“I’ve been talking to some people I know…it probably won’t be rebuilt there because they want something closer to the freeway, a better hospital, and they want city water and sewer,” Willing said. “If they want city water, would the city think about building something out that far?”
Caro Mayor Joe Greene was at the meeting as an audience member and pointed out that city water service doesn’t go beyond Carter Lumber, 1250 Carter Drive, Caro.
“They’re wanting a more secure water system, I know that,” Willing said. “(City water) might be something to entice them to stay.”
Ryan Piche, city manager, Caro, said “there are people in the county working on” keeping Caro Center in Tuscola County.
“If there are things we can do, and people we can talk to, at the state level then, of course, we’d like to pursue that,” Piche said.
Sen. Mike Green, R-Mayville, said keeping Caro Center in Tuscola County is a priority for him.
Green said for many years, staff and patients have essentially been moving from building to building on the Caro Center campus “as (the buildings) fall into disrepair or can’t be replaced.”
“I’m fully in favor of them building another building,” Green said. “But the commitment I have not got out of them yet is where they’re going to build it.”
Green said he and Rep. Edward Canfield, R-Sebewaing, “are doing everything we can to make sure it stays there.”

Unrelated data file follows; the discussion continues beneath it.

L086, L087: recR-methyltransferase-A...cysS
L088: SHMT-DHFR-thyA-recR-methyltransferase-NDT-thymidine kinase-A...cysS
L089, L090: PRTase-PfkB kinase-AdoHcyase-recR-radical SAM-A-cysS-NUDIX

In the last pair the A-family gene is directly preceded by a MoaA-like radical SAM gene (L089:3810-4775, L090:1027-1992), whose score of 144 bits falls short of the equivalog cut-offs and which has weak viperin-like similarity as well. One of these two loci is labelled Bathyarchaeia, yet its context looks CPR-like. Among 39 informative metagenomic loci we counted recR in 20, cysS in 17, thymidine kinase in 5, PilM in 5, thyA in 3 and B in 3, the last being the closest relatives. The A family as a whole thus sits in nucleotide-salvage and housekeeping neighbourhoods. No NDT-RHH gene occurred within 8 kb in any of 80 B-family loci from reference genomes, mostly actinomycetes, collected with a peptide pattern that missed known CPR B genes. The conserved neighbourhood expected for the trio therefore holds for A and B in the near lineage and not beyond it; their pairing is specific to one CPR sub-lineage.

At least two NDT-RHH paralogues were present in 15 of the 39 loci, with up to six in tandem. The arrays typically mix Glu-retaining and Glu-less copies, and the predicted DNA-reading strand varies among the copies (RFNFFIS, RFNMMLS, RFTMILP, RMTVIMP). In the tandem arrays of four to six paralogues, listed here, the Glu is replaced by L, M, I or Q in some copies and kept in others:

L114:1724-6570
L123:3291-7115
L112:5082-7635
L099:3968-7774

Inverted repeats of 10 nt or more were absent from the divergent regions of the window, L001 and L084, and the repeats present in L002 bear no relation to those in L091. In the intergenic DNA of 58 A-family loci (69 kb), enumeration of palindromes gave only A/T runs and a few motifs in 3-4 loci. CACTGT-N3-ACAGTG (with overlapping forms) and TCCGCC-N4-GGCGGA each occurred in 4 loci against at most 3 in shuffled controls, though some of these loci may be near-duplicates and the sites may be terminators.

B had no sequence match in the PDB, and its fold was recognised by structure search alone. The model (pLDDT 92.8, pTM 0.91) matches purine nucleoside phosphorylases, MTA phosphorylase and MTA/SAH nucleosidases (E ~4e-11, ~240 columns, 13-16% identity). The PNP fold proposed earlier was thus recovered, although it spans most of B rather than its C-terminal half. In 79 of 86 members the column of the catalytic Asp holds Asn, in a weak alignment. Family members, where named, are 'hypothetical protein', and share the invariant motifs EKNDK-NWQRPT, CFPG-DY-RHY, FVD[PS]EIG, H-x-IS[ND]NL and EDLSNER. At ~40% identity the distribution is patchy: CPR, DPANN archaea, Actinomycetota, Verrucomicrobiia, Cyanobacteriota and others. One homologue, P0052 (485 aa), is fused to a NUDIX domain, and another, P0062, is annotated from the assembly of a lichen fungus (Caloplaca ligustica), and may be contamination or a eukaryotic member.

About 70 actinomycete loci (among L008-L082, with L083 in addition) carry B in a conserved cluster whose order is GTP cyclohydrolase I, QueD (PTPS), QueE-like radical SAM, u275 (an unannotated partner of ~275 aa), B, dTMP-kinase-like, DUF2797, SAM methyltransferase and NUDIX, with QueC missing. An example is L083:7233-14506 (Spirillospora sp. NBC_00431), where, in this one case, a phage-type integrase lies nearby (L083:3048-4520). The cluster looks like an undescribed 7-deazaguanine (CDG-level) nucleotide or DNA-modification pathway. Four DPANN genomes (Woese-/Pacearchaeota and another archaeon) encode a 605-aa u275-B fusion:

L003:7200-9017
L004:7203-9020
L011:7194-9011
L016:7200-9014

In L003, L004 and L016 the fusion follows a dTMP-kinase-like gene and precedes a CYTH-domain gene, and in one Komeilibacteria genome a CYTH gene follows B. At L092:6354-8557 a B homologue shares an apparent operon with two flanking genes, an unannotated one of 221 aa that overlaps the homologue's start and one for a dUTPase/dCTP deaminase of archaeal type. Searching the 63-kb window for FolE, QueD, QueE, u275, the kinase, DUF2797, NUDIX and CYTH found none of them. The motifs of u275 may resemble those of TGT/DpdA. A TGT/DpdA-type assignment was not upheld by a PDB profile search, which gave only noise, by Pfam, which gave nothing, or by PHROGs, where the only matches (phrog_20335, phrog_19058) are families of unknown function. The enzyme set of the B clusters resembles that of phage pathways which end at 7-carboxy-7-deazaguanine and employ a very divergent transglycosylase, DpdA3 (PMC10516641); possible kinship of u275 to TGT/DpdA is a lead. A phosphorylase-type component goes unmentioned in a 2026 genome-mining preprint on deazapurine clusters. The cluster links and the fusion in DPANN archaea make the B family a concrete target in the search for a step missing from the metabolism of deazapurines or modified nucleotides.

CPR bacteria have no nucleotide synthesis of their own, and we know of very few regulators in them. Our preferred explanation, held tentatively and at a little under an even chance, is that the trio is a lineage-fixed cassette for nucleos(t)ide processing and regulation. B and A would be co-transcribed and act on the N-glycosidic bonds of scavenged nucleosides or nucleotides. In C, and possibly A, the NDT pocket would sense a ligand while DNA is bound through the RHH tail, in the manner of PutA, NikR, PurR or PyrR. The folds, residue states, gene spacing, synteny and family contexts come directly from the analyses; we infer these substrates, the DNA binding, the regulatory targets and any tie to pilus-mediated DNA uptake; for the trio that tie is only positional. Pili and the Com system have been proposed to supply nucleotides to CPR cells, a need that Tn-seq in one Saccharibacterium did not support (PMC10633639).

State Rep. Ed Canfield, R-Sebewaing, discusses the future of Caro Center with a group of about 40 who attended an open forum he held in Caro on Friday. (Photo by Caroline Goetze)
State Rep. Ed Canfield, R-Sebewaing, discusses the future of Caro
Center with a group of about 40 who attended an open forum he held in
Caro on Friday. (Photo by Caroline Goetze)

“They just have not shared publicly or privately that it will – or it won’t,” Green said. “So we’re having some serious discussions with the department about it remaining there in Caro.”
About 40 people attended an open forum held by Canfield at the Caro Area District Library Friday afternoon.
Concerns included potential job loss in the area, and what would happen to the old facility.
Canfield, who serves on the State House Appropriations Committee as the chairman of the subcommittee on Health and Human Services, said it is “my number one priority that we maintain the Caro Center in Caro.”
Canfield stated that he would be meeting with the Director of the Michigan Department of Health and Human Services next week.
“I am going to make a recommendation that we need more than one center” for the vast area that the Caro Center currently serves, he said. “Employees come from wide and far, but they’ve been doing that for years,” he added.
“We’ve lived with a marginal facility over the years in Caro and we (Canfield and Green) think that we deserve to have a jewel from the state come here and stay here,” Canfield said.
He reassured constituents that he had heard lots of rumors, but “nothing on the state level that says a decision has been made to actually move it.”
Caro Center’s history dates to May 30 1914, which it was originally founded as the Michigan Farm Colony for Epileptics at Wahjamega.
According to the first report issued in June 1914 by the board of commissioners and officers behind the institution, more than 40 sites in 22 Michigan counties were considered for the “farm colony.” The commissioners sought at least 1,000 acres.
“The agricultural, commercial, and geographical features of each proposed site were carefully reviewed; special attention was given to the quality of soil: facilities of sewage disposal; railroad conveniences; presence of timber; relation to town markets, and many other items of importance to a state institution,” the report reads.